We all ponder about the things we wish we knew when we were 19, 20, 21 and even the ever-popular 22. We wish we knew that eating dairy is the devil, having a job title does not make or break your post-graduation life, and that you should probably save those refund checks from college. Personally, one of the biggest things I wish my 20-year-old self understood was the importance of self-care.
But before we get into the why, let’s get into the what. Self-care is generally defined as an intentional action taken to care for your overall health–mental, physical and emotional. It’s a daily thing that you have to keep in mind. And your self-care is just that, YOURS. It’s not up to anyone else to define your self-care routine, because as the saying goes, no one knows you better than yourself. I wish I could go back in time and shake my 20-year-old self and sit her down and make her do self-care, even for five minutes. Although I can’t go back in time, I can help those coming after me.
My advice? You should begin to practice regular self-care in your early 20s.
Your early 20s are a weird time. If you thought your teenage years were crazy, it’s got nothing on age 20. You’re out of your teens but can’t legally drink, and if you’re in college, you’re probably preparing for life after graduation. For some, it’s probably a straight shot to grad school. For others, it’s the wild hunt for a job that will pay just enough to get the student loan folks out of your iPhone. These are trying times.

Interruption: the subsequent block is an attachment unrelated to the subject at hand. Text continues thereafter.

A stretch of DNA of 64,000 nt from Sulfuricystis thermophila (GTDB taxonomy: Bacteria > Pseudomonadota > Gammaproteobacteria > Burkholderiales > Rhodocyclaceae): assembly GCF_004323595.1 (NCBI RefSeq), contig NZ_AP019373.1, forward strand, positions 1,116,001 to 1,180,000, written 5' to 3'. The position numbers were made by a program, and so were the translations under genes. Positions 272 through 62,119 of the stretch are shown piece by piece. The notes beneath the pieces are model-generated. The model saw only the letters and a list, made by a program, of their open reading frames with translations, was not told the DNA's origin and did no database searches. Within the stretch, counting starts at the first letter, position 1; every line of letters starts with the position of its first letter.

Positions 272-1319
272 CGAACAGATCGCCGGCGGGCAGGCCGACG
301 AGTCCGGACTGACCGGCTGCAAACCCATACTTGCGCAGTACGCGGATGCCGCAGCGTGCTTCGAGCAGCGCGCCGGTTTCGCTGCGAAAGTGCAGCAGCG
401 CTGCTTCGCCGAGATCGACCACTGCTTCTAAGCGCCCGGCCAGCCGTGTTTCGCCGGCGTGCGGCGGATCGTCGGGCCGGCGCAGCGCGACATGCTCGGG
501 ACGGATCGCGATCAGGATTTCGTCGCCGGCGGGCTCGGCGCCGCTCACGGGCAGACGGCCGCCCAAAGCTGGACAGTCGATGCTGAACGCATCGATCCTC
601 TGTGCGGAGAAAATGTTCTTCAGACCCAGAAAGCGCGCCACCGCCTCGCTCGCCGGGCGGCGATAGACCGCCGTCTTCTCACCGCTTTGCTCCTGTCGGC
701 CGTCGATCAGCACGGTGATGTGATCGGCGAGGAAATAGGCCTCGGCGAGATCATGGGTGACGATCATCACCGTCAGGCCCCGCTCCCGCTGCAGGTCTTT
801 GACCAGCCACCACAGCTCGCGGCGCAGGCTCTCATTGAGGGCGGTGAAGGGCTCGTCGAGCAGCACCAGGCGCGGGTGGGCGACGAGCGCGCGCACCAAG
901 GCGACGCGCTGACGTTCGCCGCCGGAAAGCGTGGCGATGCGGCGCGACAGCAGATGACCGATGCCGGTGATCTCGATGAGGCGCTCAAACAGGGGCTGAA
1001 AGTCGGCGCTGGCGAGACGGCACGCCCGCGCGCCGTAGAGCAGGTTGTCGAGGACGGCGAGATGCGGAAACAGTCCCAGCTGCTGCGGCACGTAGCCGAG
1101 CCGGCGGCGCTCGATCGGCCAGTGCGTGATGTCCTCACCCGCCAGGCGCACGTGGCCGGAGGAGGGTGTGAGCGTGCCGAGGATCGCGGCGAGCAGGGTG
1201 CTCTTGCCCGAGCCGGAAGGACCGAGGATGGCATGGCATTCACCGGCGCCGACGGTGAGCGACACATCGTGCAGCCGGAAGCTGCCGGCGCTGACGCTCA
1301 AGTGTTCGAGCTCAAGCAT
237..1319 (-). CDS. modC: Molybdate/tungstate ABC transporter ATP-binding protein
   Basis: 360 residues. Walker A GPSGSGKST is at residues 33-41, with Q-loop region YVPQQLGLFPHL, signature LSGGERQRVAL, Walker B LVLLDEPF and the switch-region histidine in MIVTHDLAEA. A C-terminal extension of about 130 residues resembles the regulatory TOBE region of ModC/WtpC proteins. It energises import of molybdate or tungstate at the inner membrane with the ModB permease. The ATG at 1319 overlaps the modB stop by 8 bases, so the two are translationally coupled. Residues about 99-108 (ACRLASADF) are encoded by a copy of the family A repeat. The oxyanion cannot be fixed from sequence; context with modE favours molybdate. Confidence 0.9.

I’m not trying to scare you; I’m just setting the scene. These situations are why self-care is extremely important. It’s like guarding yourself before going into a house of small children, all running around and banging into things and generally making a mess. Sure, you could avoid the house, but you’ll also avoid the fun.
Guarding yourself with self-care doesn’t ensure an automatic magical time in life, but it centers you and gives you a moment to not think of anything. Your self-care can be anything; it could be something big, like traveling or going to brunch or the movies by yourself, or small, like watching an episode of your favorite TV show, drinking a cup of tea in silence, or having your own dance party to the musical stylings of Beyoncé. Your self-care routine should be special to you, and it also has to be important to you. You have to make time for it, and not berate yourself for wanting to make time.
If you’re struggling to decide what’s part of your self-care routine, I suggest making a list of all the things you love to do. Don’t think about it too hard, just a list of things that make you happy, bring you joy and calm you down. Then, do one thing on that list a day. And if you’re feeling up to it, do two or three things a day.
Trust me, your no-longer-20-year-old self will thank you for it.